Clicks away from greater board diversity.

Author:Gomez, Belen E.

Technology has changed the world. It has shifted markets, changed the way we conduct business, connected billions of people around the world, and introduced many more transformative forces that would take too long to list here. Technology is at our fingertips with the aim to improve, make more efficient, and foster broader connections in business and beyond. Therefore, it's no surprise that technology can also drive a more collaborative and productive board culture.

Technology isn't new to the boardroom. Accessing and leveraging the latest enhancements has become critical to board success as the need to address investor demands increases across many fronts. From the introduction of smartphones and tablets to board portals to online board evaluations, enhancements to promote better governance have now extended to board refreshment. The audit and compensation committees have spent time in the harsh spotlight over the last 20 years, and the investor focus is squarely on the nominating and governance committee today. Shareholders--institutional and activist alike--are focused on understanding the director nomination process and why U.S. public companies are lagging so far behind foreign counterparts with regards to diversity in the boardroom.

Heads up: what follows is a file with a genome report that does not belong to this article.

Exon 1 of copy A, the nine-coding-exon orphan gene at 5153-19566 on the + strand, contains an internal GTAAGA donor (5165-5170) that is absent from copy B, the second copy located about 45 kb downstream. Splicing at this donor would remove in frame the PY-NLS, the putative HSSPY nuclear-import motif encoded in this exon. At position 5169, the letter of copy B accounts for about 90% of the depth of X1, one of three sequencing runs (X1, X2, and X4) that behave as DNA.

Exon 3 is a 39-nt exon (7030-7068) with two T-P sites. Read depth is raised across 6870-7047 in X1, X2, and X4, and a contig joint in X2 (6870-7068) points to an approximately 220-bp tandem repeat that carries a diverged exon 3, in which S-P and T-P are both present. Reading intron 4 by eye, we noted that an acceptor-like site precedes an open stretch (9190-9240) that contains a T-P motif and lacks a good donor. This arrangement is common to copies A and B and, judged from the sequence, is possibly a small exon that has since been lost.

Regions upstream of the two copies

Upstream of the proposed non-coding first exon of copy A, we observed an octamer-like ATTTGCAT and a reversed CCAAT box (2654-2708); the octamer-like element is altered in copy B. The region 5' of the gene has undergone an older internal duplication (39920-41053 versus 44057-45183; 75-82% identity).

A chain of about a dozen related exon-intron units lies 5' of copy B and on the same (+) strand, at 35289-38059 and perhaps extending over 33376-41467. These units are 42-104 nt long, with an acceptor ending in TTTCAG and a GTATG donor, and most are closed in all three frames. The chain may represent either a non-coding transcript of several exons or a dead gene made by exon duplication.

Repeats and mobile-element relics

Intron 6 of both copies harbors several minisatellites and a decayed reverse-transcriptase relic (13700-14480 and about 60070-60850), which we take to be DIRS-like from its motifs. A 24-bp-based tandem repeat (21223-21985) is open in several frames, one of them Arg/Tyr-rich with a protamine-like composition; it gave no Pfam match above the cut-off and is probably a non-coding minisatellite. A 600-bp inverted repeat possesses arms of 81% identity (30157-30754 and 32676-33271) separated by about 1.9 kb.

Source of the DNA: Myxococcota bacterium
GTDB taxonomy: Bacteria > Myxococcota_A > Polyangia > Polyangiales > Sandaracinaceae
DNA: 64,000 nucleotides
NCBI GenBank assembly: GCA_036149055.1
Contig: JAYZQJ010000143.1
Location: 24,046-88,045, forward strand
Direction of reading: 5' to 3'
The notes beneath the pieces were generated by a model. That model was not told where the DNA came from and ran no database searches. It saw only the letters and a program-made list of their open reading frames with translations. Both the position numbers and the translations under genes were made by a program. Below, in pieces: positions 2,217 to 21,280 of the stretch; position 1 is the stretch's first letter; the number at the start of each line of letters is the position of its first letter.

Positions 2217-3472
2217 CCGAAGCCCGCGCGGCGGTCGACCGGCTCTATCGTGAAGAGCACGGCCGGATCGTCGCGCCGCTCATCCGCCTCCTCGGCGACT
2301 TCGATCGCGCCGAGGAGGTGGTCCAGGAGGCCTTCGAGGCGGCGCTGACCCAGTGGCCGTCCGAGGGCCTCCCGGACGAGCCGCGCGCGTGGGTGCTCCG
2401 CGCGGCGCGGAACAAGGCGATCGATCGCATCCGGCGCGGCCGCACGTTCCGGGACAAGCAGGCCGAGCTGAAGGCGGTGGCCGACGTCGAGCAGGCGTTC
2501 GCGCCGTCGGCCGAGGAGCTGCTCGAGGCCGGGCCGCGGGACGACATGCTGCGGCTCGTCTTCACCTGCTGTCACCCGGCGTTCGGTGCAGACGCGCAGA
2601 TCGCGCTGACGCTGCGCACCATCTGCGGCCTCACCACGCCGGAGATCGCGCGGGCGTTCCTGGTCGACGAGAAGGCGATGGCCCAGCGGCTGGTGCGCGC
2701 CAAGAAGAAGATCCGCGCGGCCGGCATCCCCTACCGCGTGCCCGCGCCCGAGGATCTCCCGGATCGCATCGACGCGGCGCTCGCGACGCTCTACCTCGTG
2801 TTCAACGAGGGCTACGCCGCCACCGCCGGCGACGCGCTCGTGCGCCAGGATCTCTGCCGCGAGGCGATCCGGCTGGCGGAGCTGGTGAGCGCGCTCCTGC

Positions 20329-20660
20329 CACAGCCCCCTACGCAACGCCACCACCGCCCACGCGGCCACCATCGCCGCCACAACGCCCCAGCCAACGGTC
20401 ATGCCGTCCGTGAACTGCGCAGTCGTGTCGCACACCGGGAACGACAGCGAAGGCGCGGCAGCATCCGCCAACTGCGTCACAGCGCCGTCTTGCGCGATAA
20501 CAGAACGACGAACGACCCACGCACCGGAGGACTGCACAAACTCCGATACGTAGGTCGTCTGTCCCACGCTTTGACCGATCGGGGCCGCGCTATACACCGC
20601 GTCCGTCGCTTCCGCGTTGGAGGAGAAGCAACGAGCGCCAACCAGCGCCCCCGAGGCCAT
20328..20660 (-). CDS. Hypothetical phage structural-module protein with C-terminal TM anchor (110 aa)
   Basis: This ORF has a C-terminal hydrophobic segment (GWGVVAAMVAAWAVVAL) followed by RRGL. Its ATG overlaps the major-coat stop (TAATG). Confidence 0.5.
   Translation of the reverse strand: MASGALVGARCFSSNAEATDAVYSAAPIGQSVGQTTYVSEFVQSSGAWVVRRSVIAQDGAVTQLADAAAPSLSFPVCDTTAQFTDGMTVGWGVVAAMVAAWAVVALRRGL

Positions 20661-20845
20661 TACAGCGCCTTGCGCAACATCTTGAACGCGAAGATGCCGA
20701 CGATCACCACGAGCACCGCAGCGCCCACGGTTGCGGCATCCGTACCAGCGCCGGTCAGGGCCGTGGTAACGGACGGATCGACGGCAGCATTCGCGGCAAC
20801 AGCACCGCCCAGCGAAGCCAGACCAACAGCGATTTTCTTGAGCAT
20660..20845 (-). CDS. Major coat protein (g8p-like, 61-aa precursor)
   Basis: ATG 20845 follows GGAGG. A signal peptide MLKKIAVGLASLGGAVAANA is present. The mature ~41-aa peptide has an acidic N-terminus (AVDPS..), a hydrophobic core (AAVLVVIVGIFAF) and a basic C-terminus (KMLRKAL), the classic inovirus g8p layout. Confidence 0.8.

How Technology Makes It Easier to Find Diverse Board Candidates

Six hundred. There are currently more than 600 companies in the Russell 3000 index that do not have any women serving on the board of directors. Conversely, there are only 22 companies in the index that have reached gender parity--or 50% female representation--at the board level, according to the most recent Equilar Gender Diversity Index (GDI). While consistent data does not exist regarding ethnicity representation, indications from various studies tell a startling narrative of diversity in corporate boardrooms.

What if technology existed to help boards make better connections to diverse candidates in their own network? What if that technology could do so in a matter of a few seconds with a few clicks? How could that possibly be ignored? The answer is simple: habit. There is a level of comfort in the habit of recruiting from a known, personal, word-of-mouth network. The intention is not necessarily to avoid diversifying the board, but to ensure that collegiality, norms, and board chemistry remain intact. And as a result, many highly qualified candidates are overlooked.

The technology to expand director searches exists today, and adoption is...

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